Tucker Carlson used racial slurs and praised white men for creating civilization in newly unearthed radio clips

Round 2 for the Fox News host's horrible statements on Bubba the Love Sponge
March 12, 2019, 1:49pm
Tucker Carlson used racial slurs and praised white men for creating civilization in newly unearthed radio clips

First, Fox News host Tucker Carlson refused to back down on calling women “extremely primitive” on a shock jock radio show after recordings of his typical call-ins several years ago were brought to light over the weekend. Now he’s facing recordings that feature him calling Iraqis “semiliterate primitive monkeys” and praising white men for “creating civilization and stuff.”

Both sets of recordings, taken from segments of a conservative talk radio show called “Bubba the Love Sponge,” were released by Media Matters for America. In the first set of comments, recorded between 2006 and 2011, Carlson can be heard calling Britney Spears and Paris Hilton “whores,” criticizing feminism and suggesting child marriage isn’t on par with child rape.

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In the second set of recordings, released Monday night, Carlson can be heard calling Iraqis “awful” and saying they “don’t use toilet paper or forks.” He also called Iraq a “crappy place filled with a bunch of, you know, semiliterate primitive monkeys.” During a 2006 call-in to the radio show, Carlson questioned Barack Obama’s racial identity because “he has one white parent, one black parent” and said he hoped for a presidential candidate that would be prejudiced against Muslims.

“Like, if you are really heavily into Islam — I’m sorry, I don’t — I don’t care for you that much. And I don’t care what that sounds like. You can call me a racist, you can call me whatever the fuck you want,” Carlson, 49, said.

When the host responded to Carlson’s comments, saying, “You could say that and not catch a lot of shit for” it, Carlson responded: “I’d vote for you if you said that.”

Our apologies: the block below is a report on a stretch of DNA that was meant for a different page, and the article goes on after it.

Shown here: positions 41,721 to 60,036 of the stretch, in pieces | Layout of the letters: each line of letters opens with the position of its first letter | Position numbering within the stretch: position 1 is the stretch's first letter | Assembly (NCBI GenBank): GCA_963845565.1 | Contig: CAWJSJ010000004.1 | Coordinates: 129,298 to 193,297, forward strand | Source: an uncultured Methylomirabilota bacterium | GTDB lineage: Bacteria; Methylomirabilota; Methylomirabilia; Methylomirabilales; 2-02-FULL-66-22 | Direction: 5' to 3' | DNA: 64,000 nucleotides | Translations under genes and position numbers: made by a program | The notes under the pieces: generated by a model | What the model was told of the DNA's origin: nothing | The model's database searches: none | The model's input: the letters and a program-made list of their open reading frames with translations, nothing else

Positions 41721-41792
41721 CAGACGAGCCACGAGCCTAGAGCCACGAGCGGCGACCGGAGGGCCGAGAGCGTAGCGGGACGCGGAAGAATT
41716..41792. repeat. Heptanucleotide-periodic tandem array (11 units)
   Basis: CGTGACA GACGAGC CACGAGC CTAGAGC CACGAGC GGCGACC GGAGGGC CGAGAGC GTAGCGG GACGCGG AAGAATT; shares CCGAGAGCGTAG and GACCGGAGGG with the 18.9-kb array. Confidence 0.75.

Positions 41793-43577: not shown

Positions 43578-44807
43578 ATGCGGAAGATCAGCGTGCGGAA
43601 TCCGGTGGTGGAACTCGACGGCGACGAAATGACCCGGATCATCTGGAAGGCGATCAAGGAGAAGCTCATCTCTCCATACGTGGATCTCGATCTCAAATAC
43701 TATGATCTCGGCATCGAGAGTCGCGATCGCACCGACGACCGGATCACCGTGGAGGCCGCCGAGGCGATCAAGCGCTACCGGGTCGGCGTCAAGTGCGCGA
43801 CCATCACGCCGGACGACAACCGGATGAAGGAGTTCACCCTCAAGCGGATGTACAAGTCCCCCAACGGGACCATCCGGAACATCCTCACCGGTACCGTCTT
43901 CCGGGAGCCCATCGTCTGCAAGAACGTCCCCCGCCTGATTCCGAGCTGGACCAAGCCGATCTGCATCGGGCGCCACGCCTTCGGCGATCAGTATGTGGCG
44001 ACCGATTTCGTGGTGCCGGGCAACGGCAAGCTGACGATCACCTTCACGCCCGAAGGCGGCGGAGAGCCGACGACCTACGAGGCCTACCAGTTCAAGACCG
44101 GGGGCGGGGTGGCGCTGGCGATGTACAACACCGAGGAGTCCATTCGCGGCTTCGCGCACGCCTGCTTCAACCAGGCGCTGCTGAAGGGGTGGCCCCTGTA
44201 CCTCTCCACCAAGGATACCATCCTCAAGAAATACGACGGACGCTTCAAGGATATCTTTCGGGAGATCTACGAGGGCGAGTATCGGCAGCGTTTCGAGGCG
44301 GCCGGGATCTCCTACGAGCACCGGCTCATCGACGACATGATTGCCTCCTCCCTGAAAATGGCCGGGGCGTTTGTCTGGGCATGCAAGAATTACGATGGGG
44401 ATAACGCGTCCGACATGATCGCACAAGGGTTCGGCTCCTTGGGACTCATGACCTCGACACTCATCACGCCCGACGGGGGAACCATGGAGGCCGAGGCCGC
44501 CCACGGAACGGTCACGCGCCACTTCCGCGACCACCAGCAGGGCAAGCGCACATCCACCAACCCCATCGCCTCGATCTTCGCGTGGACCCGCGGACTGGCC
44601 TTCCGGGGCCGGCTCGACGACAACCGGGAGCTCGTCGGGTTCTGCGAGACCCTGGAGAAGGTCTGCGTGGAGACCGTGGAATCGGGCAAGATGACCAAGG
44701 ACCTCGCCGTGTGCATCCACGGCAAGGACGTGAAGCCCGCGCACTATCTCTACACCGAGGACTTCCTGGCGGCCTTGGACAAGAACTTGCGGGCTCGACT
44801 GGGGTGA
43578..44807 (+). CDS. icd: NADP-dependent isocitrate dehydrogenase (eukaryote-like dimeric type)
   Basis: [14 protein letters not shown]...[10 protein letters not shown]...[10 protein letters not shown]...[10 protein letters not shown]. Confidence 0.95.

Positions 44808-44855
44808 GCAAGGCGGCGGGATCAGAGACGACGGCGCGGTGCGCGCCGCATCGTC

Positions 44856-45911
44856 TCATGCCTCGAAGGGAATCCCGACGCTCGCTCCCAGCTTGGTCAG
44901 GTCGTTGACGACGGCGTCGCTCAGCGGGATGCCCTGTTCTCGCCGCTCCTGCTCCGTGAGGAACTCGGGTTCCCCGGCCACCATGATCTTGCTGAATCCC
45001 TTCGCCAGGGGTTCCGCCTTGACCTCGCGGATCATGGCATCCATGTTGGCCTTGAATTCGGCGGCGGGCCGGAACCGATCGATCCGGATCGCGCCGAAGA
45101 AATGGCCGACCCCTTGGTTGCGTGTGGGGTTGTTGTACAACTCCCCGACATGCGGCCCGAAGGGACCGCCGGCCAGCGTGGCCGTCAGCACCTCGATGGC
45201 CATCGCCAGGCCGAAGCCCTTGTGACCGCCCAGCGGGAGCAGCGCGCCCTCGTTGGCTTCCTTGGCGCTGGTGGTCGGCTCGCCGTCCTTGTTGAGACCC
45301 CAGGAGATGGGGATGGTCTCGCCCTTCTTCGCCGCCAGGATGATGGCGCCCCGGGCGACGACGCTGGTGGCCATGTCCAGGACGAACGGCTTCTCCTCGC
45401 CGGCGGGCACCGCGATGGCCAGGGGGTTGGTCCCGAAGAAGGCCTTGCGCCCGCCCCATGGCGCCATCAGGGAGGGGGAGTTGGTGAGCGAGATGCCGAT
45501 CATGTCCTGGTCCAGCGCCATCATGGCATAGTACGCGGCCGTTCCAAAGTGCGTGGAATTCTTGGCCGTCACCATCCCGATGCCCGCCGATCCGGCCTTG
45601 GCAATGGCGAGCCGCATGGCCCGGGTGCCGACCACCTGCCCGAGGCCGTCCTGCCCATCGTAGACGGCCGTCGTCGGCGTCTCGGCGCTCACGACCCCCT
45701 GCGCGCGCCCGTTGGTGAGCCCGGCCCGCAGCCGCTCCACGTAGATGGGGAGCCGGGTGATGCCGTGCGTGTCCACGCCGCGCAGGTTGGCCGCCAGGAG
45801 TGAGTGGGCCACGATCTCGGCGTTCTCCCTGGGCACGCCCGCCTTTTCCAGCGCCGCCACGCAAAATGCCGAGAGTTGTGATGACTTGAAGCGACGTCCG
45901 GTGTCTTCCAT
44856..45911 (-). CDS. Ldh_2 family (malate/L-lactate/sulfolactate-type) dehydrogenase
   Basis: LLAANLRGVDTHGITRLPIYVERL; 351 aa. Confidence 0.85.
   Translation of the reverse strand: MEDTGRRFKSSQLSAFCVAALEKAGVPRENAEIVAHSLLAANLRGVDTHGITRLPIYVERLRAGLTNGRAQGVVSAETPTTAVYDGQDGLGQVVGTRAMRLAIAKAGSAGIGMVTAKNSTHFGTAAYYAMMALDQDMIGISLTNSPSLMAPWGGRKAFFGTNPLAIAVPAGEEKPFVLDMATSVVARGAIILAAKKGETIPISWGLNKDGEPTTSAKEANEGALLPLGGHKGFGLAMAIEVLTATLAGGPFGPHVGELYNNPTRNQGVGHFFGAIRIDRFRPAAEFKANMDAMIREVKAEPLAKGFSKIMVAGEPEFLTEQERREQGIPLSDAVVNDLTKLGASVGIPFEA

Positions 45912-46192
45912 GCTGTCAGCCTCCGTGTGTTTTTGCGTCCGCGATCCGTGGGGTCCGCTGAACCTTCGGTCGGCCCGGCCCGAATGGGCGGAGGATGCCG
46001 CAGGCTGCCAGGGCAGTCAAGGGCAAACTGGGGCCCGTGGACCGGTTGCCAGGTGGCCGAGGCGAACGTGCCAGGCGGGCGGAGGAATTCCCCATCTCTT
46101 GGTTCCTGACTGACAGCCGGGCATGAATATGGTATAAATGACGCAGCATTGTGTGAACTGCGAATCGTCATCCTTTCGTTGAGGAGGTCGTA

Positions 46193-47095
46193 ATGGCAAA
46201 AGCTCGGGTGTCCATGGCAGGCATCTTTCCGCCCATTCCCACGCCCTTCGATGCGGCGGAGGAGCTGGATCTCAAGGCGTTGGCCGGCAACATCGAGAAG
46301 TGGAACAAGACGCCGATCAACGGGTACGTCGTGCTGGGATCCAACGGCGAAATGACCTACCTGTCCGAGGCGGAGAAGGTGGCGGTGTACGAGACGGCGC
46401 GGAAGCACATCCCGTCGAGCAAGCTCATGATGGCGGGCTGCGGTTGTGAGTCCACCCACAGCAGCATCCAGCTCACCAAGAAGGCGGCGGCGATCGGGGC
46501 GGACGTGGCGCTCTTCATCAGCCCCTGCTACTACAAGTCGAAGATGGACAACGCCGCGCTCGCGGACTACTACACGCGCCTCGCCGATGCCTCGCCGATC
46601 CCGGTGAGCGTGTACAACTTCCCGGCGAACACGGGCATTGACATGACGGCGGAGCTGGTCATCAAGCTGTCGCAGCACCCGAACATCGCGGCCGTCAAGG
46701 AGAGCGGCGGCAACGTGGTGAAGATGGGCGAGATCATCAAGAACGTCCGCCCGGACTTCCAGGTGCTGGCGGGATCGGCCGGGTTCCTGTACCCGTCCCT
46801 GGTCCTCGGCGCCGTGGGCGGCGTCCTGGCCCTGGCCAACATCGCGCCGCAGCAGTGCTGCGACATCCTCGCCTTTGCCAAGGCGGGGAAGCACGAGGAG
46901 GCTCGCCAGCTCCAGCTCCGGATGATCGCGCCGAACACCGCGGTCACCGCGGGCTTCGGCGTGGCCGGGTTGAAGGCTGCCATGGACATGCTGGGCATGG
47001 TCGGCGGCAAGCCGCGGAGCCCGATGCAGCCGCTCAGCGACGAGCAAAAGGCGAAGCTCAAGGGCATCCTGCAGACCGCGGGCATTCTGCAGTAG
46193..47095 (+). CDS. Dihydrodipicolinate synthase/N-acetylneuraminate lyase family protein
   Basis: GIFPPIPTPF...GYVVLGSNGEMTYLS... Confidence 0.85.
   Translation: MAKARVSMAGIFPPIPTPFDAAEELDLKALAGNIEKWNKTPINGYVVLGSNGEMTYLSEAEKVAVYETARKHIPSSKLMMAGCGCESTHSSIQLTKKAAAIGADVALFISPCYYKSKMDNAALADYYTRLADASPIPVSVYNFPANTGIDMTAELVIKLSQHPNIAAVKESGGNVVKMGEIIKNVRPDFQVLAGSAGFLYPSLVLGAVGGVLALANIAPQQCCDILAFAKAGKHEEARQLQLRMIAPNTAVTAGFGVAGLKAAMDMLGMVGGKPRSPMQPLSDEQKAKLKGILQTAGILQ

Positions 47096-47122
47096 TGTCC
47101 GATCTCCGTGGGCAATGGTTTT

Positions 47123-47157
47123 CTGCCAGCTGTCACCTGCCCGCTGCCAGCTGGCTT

Carlson was opening his nightly show on Fox News, which he’s hosted since 2016, around 8 p.m. Monday when the second set of recordings dropped, so it’s unclear whether he had heard them. He said during his opening monologue that he had fallen victim to the “great American outrage machine.”

“It’s a bewildering moment, especially when the quotes in question are more than a decade old,” Carlson said, arguing the recordings were a partisan attack. “There’s really not that much you can do to respond, it’s pointless to try to explain how the words were spoken in jest, or taken out of context.”

Still, the comments could throw Carlson into the mix of another advertiser boycott — a drastic move for companies hoping to reach viewers of the most-watched news channel. His Monday night show had four ad breaks with few blue-chip advertisers, according to Variety, although it’s not clear whether that’s a regular ad load for the show. AstraZeneca, the drugmaker, pulled its advertisements from Carlson’s slot, and is the only advertiser to publicly do so after the recordings were released.

After Carlson made starkly anti-immigrant comments during a segment last December, he lost advertisers as well.

Cover: In this March 2, 2017, file photo, Tucker Carlson, host of "Tucker Carlson Tonight," poses for photos in a Fox News Channel studio in New York. Washington police are investigating a protest outside the home of Carlson as a possible hate crime. (AP Photo/Richard Drew, File)